With MLS still on holiday, the main soccer story in the States yesterday was a crest and color reveal, with Los Angeles Football Club publicly revealing
their crest and colors, a color scheme so similar to Atlanta United's scheme they probably purchased it at Home Depot. Almost immediately, Twitter called them out for the similarities, but it is the larger debate about which MLS kits and crests are the best that again captured my imagination.
After all, we're getting close to kit reveal season-- the time of year when MLS merchandise either flies off the shelves or sees marketers sitting in a dark corner muttering hushed tones about next year. MLS's kit season is nearly contemporaneous with the film industry's award season. In that light, I'd like to go two different directions in this edition of Friday free kick. First, I'll provide my rankings of the top 10 MLS kits from 2015, noting who has room to improve and who can only harm their brand in 2016. Second, I'll list what I believe are the five most overrated films of all time, fully expecting to be universally derided in the comments section. First, the kits!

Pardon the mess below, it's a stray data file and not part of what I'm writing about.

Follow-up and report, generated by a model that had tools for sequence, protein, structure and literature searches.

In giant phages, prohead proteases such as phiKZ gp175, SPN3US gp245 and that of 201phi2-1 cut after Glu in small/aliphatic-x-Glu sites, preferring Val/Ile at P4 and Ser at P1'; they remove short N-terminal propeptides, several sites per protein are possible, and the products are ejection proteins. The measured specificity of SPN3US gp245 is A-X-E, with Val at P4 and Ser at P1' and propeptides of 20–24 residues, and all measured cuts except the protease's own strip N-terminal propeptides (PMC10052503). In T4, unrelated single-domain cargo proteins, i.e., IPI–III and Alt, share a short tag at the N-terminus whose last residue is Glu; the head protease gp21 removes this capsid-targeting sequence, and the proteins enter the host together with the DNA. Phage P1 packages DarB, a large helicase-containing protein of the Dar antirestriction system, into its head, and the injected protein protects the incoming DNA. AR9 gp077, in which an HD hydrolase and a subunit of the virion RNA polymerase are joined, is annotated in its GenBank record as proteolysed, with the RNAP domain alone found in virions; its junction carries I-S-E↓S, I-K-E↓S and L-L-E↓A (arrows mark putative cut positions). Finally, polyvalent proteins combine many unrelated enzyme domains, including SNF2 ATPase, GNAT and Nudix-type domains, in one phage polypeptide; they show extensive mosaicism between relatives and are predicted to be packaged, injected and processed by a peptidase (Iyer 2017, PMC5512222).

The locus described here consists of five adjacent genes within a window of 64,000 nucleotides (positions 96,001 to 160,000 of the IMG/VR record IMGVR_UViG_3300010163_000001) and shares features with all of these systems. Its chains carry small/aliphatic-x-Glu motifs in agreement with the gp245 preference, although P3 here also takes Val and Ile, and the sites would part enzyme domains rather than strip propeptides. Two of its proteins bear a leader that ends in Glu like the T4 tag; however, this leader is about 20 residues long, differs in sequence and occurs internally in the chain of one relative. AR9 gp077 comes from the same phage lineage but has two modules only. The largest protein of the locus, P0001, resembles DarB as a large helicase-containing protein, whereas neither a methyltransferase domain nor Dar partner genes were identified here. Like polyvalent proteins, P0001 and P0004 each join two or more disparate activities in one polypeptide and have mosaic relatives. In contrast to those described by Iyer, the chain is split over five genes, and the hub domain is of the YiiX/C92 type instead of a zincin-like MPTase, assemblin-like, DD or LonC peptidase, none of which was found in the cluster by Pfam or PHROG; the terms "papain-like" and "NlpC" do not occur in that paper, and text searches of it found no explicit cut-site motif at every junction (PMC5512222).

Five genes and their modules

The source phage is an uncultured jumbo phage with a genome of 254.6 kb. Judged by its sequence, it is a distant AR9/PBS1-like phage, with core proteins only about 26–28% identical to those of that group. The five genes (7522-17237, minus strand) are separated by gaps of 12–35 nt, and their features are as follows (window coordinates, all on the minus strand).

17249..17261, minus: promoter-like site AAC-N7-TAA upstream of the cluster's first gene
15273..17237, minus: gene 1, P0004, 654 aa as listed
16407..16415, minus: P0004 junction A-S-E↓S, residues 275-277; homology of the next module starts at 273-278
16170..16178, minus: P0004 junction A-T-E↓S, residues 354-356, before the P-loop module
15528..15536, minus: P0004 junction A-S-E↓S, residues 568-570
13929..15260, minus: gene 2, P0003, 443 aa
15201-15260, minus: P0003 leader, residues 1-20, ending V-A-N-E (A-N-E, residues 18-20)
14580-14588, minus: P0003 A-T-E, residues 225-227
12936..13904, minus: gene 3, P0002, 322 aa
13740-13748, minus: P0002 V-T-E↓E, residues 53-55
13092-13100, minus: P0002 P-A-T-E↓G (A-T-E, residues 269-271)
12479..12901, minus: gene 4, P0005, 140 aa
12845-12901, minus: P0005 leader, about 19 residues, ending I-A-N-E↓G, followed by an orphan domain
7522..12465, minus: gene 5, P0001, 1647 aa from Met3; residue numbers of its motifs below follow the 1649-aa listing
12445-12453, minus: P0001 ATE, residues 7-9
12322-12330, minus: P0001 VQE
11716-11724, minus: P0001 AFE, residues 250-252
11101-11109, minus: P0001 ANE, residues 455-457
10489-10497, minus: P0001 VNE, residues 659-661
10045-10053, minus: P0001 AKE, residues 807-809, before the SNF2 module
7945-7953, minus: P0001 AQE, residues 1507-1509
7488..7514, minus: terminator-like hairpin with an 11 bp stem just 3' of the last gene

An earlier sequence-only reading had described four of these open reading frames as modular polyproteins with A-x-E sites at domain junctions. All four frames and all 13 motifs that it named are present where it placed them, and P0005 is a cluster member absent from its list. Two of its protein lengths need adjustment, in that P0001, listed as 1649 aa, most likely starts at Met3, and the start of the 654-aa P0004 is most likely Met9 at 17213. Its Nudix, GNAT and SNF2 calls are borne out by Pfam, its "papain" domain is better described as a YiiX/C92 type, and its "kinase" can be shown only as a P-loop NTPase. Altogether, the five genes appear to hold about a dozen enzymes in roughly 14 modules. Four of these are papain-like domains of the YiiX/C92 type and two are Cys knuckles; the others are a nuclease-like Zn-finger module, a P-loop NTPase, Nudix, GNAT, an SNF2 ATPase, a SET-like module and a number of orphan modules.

5. Sporting Kansas City, Home
Plaid kits are risky kits, but there was something dapper about the nuanced, slight collar without any aggressive trim that made this one work. Sporting's rebrand has done wonders for everything about the club, so it is fitting the graph paper plaids were nice enough for dinner parties.
4. Columbus Crew, Home
Speaking of rebrands, the Crew's was one of the most successful in league history, and the home yellow, which avoided the tacky checkerboard of the road blacks, looked crisp and clean with the Bundesliga-inspired badges. The soccer they played in the land of dos a cero was pretty compelling too.
3. DC United, Away